You’ve convinced Dad to get some help at home. Now, comes the most important part. You want to get the caregiver started on the right foot. It’s essential you don’t miss this window of opportunity. The last thing you want is more problems than this was intended to solve. So, how can you get the caregiver started with Dad and make sure it works?

If you’re still struggling with the convincing part, give us a call at 727-447-5845 or book a time to chat. We’ve helped thousands of families and we can help YOU. You may also want to check out Seven Ways to Talk to Your Aging Parent about Getting Help. Click Here for some fresh ideas and approaches we’ve found work well.

Four Simple Ways to Get a Caregiver Started with Dad

Make a good introduction

Too often, the caregiver simply shows up with no introduction. Would you want to meet someone this way? Imagine how awkward this would feel, especially when it’s your first time having someone help. We’ve heard of examples where the client simply turned the person away or told them not to come back with little explanation. If no one helps ease the introduction or checks in, you might find yourself wondering what went wrong.

Caregivers are pretty adept at being dropped into new situations. They excel at building relationships with older clients and assessing what needs to be done. But, why put them at a disadvantage? Have you ever started a new job and simply been plopped down at a desk with your work? No introduction to colleagues? No tour of the office (where’s the coffee…and bathroom!?!) You’re expected to know everything without orientation or training?

Too many people miss the simple step of being present to make an introduction. But, that might not be so simple if you don’t live nearby. However, if you’re working with a quality home care company they should handle this for you. Or, if you are working with a care manager they’ll usually set up and manage the introduction.

At EasyLiving, our supervisor attends the first meeting with the caregiver (and family, when applicable). Making a good introduction ensures a positive first impression. The client shouldn’t have to figure out what to do. The supervisor can make sure the caregiver knows where things are, understands what the client wants, and gets any questions answered. And, she can spot any potential concerns, or support needed, right off the bat.

Set the stage

Even before the introduction, set things up so it’s easy for the caregiver to get started. Think of how to set the stage for a successful relationship. It’s very personal and sensitive having someone in your home. Each client wants and needs different things. Don’t expect the caregiver to read your (or Dad’s) mind.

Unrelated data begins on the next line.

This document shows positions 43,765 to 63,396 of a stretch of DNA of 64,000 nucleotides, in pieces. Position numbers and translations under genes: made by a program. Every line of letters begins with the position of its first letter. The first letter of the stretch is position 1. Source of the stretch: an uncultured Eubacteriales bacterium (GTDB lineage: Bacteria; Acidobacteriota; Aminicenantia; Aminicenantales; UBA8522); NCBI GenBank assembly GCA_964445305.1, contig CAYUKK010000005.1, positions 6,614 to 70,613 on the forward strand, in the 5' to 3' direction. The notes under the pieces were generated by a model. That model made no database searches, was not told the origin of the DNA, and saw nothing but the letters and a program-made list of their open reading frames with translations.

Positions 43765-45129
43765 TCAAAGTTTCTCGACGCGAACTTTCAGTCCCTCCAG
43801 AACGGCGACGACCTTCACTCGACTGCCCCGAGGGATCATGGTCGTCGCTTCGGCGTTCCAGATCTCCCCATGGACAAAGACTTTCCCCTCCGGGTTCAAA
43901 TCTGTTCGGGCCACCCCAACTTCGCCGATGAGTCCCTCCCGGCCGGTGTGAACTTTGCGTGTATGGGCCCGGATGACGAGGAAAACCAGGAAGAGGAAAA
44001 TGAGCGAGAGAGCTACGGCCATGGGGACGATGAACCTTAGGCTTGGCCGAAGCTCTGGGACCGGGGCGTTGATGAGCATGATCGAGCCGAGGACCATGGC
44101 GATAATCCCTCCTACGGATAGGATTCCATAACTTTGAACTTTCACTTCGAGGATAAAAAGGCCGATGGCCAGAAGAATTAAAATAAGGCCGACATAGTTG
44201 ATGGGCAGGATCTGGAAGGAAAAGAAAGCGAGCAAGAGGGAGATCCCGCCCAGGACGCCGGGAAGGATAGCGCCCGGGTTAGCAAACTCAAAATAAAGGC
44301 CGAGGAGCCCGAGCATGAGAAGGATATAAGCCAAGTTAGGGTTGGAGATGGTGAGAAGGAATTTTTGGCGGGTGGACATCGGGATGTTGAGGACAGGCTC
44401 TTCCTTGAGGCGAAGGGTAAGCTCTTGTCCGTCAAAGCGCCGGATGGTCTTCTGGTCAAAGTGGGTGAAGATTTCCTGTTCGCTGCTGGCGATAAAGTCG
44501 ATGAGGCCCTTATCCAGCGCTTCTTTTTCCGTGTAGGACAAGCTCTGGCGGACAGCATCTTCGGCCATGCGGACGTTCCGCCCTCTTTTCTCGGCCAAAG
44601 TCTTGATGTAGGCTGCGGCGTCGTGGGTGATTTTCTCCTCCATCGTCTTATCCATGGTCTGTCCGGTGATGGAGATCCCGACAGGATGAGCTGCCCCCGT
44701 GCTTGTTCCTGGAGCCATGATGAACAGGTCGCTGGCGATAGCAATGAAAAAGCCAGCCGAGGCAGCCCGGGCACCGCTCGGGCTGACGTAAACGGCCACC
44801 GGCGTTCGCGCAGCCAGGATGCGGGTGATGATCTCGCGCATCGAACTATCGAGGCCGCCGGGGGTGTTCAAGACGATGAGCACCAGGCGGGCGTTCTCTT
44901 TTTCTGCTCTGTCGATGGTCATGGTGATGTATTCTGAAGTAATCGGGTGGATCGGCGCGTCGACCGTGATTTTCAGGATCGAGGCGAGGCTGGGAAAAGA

EasyLiving developed a Life History & Daily Routines Questionnaire and proprietary care plan for this very reason. It provides the guidance the caregiver needs to do the job well. She knows what’s expected. But, she also knows the “little things” that make a big difference.

Does Dad enjoy an afternoon nap or sleeping in late? When a caregiver comes in and disrupts a long-standing schedule, it immediately sets a bad tone. What are Dad’s favorite activities or subjects? A good conversation and some enjoyable activities create a bond.

This prep work reduces the awkwardness of starting out the relationship. And, it helps avoids some preventable bumps that happen without enough information.

Reel him in with a “hook”

Especially in situations where the client is hesitant (most of them), start slow. We often advise starting with specific tasks. For example, if Dad never liked to cook, he may love having someone prepare favorite meals for him. Or, perhaps he hates doing laundry and finds ironing tough since he hurt his back. Maybe Dad’s given up driving at night but would still like to go out to dinner or attend events. It’s a lot easier to get a caregiver started with these tasks.

We find getting started is the toughest part, but clients become hooked once they experience someone helping. With the steps above to help build the relationship, don’t be surprised when Dad starts asking the caregiver for help with more tasks.

You may have in mind a million things Dad “needs” but it’s much better to “reel him in” with what he identifies needing. This can also be done by seizing upon certain windows of opportunity. You and the doctor could suggest someone help after a hospitalization or illness. Or, there might be a specific project to get started.

Smooth the way

This starts with the steps mentioned above. Arm the caregiver with information to do the best job for your Dad.

Additionally, by providing a structured care plan you can prevent a common concern. One of the biggest objections is “What will the person do?” or “not wanting to entertain someone”. We all like our private time and set ways, so it’s easy to understand this. No one wants what should be helpful to feel like a burden. With the care plan and a good orientation, this won’t be an issue.

Next, follow up is vital when getting started. This is the time when a little problem can turn into Dad firing the caregiver. Often, there are simple solutions. Or, there’s just some tool or information the caregiver needs. Dad may not speak up until it’s too late. And, the caregiver might not say anything either. Be proactive and help smooth the way during the early stages.

EasyLiving conducts follow up calls with the client/family and caregiver. Most importantly, we don’t wait to do this. We don’t put the burden on the client to contact us. We’ve found this to be one of the most important steps in getting things started.

Ready to get started? Still struggling with getting Mom or Dad to accept help?

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